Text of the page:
Charlie Bartlett, by Albert W. Vogt III

Admittedly, Charlie Bartlett (2007) is not a movie with which many are familiar.  That is a bit of a shame.  It is one of the first big breaks for a talented actor whose life was cut tragically short, Anton Yelchin, who plays the title character.  It has a personal favorite, Kat Dennings, as the main female lead Susan Gardner.  It is a good story, too, though I cringe at some of the less than morally upright aspects of it.  These days, one might label it an “honest look” at high school life, as if the main motivation for every teenager is to act out in every conceivable way.  While I do not care for some parts of the story, it nonetheless lands in the right place, and that counts for something.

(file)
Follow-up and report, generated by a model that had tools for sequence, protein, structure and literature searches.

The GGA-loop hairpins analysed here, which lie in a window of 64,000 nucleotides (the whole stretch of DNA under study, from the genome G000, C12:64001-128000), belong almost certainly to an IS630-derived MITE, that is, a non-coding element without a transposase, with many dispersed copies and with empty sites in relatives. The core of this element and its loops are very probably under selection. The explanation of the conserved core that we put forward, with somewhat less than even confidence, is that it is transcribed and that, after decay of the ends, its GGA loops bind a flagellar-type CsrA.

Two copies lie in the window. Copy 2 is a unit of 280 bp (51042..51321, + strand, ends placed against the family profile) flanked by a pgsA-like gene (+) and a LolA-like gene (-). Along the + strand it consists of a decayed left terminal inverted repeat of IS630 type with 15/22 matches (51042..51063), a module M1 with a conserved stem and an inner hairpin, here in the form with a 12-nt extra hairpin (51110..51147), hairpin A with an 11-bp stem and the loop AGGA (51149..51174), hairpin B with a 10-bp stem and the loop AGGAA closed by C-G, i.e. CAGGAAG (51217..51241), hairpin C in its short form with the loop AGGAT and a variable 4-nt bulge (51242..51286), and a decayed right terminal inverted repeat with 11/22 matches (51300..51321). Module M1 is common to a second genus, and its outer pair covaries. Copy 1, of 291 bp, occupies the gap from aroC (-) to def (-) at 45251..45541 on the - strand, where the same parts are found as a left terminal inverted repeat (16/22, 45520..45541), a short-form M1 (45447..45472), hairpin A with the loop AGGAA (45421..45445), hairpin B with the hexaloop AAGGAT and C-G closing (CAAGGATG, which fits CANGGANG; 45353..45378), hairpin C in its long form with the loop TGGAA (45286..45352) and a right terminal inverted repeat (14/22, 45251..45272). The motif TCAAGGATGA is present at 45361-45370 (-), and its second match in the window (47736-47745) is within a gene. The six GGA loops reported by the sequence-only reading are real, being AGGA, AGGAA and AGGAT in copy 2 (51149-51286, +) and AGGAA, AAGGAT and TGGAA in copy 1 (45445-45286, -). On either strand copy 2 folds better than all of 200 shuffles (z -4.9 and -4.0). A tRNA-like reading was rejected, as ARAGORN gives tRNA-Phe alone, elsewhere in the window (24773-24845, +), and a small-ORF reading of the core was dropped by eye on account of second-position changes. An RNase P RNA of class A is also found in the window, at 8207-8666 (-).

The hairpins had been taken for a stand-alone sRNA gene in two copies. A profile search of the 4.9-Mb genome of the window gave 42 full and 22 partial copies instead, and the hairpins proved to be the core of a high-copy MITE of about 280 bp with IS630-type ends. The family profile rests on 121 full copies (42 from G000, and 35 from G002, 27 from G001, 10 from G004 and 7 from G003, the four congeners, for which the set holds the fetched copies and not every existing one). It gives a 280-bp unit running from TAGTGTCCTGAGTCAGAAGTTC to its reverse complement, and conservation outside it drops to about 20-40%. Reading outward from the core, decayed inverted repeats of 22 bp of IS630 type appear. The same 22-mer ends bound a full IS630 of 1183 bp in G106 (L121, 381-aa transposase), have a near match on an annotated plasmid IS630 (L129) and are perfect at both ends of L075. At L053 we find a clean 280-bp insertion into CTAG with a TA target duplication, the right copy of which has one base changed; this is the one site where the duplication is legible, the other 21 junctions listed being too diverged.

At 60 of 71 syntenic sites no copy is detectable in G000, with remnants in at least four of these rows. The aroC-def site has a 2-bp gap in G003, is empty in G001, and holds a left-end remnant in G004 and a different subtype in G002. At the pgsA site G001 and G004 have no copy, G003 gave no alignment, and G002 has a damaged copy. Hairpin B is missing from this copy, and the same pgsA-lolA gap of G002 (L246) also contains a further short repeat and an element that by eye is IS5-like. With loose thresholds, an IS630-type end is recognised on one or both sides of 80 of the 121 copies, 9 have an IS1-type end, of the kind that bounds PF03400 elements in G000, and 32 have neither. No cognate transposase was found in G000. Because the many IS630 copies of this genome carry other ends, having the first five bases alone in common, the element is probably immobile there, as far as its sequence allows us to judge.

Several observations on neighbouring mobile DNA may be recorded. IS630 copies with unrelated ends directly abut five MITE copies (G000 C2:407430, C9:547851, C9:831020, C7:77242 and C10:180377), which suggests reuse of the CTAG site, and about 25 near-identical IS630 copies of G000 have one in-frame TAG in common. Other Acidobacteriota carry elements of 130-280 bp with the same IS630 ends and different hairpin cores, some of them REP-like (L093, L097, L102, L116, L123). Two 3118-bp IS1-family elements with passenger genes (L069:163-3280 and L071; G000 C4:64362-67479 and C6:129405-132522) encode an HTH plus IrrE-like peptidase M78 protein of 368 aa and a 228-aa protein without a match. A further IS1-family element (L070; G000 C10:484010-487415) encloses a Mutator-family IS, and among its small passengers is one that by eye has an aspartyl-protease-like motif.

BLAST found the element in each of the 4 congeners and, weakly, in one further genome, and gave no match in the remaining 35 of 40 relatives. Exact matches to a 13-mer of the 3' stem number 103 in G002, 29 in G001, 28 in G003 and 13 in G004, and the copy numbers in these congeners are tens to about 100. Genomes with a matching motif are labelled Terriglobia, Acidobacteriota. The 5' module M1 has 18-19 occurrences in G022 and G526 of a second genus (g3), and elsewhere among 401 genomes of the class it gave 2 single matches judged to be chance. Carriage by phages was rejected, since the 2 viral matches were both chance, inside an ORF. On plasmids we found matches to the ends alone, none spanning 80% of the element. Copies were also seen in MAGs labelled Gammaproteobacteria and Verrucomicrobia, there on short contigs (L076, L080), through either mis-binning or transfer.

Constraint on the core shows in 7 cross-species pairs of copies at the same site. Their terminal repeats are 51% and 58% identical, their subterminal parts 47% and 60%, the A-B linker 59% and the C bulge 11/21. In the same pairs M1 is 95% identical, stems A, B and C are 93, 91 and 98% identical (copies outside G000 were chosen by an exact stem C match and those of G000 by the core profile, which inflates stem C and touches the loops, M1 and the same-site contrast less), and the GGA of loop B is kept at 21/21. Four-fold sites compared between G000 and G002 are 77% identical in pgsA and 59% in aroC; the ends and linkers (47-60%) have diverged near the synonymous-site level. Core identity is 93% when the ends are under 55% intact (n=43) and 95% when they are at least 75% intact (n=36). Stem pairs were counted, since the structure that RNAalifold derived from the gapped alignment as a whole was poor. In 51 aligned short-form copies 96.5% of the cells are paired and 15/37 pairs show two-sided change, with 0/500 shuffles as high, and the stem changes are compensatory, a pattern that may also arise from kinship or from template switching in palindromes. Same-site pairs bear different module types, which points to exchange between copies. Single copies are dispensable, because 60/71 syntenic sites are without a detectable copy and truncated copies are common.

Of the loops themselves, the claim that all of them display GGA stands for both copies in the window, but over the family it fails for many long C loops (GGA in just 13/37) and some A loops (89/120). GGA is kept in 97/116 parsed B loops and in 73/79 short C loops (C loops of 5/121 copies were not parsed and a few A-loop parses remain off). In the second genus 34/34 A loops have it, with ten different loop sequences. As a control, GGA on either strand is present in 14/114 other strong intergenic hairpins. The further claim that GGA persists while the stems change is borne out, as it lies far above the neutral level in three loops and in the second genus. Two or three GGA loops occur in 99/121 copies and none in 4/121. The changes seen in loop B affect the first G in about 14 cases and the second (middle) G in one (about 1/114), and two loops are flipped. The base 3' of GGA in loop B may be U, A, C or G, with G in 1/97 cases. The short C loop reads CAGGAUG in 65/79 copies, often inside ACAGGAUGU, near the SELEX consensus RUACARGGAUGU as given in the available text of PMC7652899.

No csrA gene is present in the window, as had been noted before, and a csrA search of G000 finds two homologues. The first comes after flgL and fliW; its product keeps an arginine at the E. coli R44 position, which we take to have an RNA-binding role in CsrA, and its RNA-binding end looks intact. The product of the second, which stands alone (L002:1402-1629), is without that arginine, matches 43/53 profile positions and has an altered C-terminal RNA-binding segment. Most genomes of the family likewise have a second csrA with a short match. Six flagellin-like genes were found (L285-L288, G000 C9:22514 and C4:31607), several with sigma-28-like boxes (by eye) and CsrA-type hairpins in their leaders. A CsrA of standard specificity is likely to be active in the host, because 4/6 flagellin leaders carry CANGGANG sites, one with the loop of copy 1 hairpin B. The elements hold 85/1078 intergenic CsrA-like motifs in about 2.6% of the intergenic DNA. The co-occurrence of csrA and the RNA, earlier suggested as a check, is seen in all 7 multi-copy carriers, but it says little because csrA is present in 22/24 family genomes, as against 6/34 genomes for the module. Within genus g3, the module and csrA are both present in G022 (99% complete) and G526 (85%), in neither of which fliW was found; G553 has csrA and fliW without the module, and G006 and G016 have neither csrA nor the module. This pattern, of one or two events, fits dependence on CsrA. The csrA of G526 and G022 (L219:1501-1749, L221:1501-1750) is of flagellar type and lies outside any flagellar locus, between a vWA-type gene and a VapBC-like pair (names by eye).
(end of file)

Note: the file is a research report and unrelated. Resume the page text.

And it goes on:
The eponymous character in Charlie Barlett dreams of being adored by a large crowd of his peers.  In reality, he goes about earning their affections in less than ideal ways.  At the exclusive boarding school he attends, he has taken to creating fake identification cards for his classmates so that they can purchase the substances that kids of that age always seem to want to obtain.  His mother, Marilyn Bartlett (Hope Davis), meets with the principal, and is informed that Charlie is being expelled.  She does not get mad.  Instead of grounding him, she sends him to public high school.  In spite of his well-meaning attitude, his prep-school attire earns him derision from most, and a beating from school bully Murphy Bivens (Tyler Hilton).  When he comes home with a black eye, Marilyn sends him to his family’s therapist, who they have on call.  Based on what Charlie tells the mental health professional, he prescribed Ritalin.  It is probably the wrong medicine as it turns him into a hyper-active, but extremely focused maniac.  He experiences all these crazy episodes after taking a few days off from school.  When he gets back, he decides that he has to do something about Murphy.  Charlie’s idea is to form a business with the tough guy to sell Ritalin to any interested parties at school.  They make their first couple hundred bucks from the school dance, and it is the beginning of Charlie’s popularity.  Yet, he is not one of those cool guys who has time only for those on an even social standing as himself.  One day, he is approached by Kip Crombwell (Mark Rendall), a social outcast who is having a struggle with fitting in at school.  He is afraid to tell his parents about his problems, but goes to Charlie because Kip heard about the Ritalin.  Charlie asks Kip to describe what the troubled youth is going through, and from this is born a new venture.  Charlie begins seeing other students in the bathroom, jotting down their symptoms, and taking them to various mental health professionals to obtain the drugs they prescribe based on the symptoms he tells them.  Murphy is his partner.  Charlie is doing quite well for himself, even developing a relationship with Susan, the daughter of Principal Nathan Gardner (Robert Downey Jr.).  What changes everything is when Kip, who continued to have social anxieties, attempts to overdose on the pills Charlie had obtained for him.  The drugs are traced to Charlie, and Nathan goes to see the young man at his house.  Charlie feels awful about the situation, and vows to put an end to his illicit activities.  He then goes to see Kip, and agrees to get Nathan to allow the drama club to put on a play that Kip had written.  Even so, the suspicion lingers with Charlie.  While picking Susan up for a date, Nathan sees Charlie handing his daughter a pharmacy bag.  Thinking that it has illegally obtained pills in it, he angrily accosts them, and Charlie lashes out and punches the older man.  Susan then throws the bag at his feet, which contains nicotine gum to try to get her to stop smoking.  Later that evening, there is a rally held at the school to get them to take down the security cameras that had been installed in the student lounge.  The students see this as a major invasion of their privacy.  Charlie shows up there, but tries to calm the crowd.  Unfortunately, this is also roughly the time that Nathan arrives with the school superintendent and the fire and police departments.  Charlie is arrested almost immediately, and his peers respond by trashing the student lounge, prompting the superintendent to fire Nathan.  After getting out of jail, Charlie visits Susan, who is about to be in Kip’s play, and wonders where Nathan is.  She says that her dad is home and that she does not care, though it is evident she feels otherwise.  Charlie decides to go to the Gardner residence and finds Nathan on his deck, drunk and holding a handgun.  Nathan blames Charlie for all the bad things that have happened.  It then looks as if Nathan is going to shoot himself in the head, but Charlie misreads the situation.  In rushing at Nathan, he ends up taking a nasty spill and falling into the pool unconscious.  Nathan then has to rescue the boy, and they make amends.  They then go to the play together, and a montage of happy endings closes the film.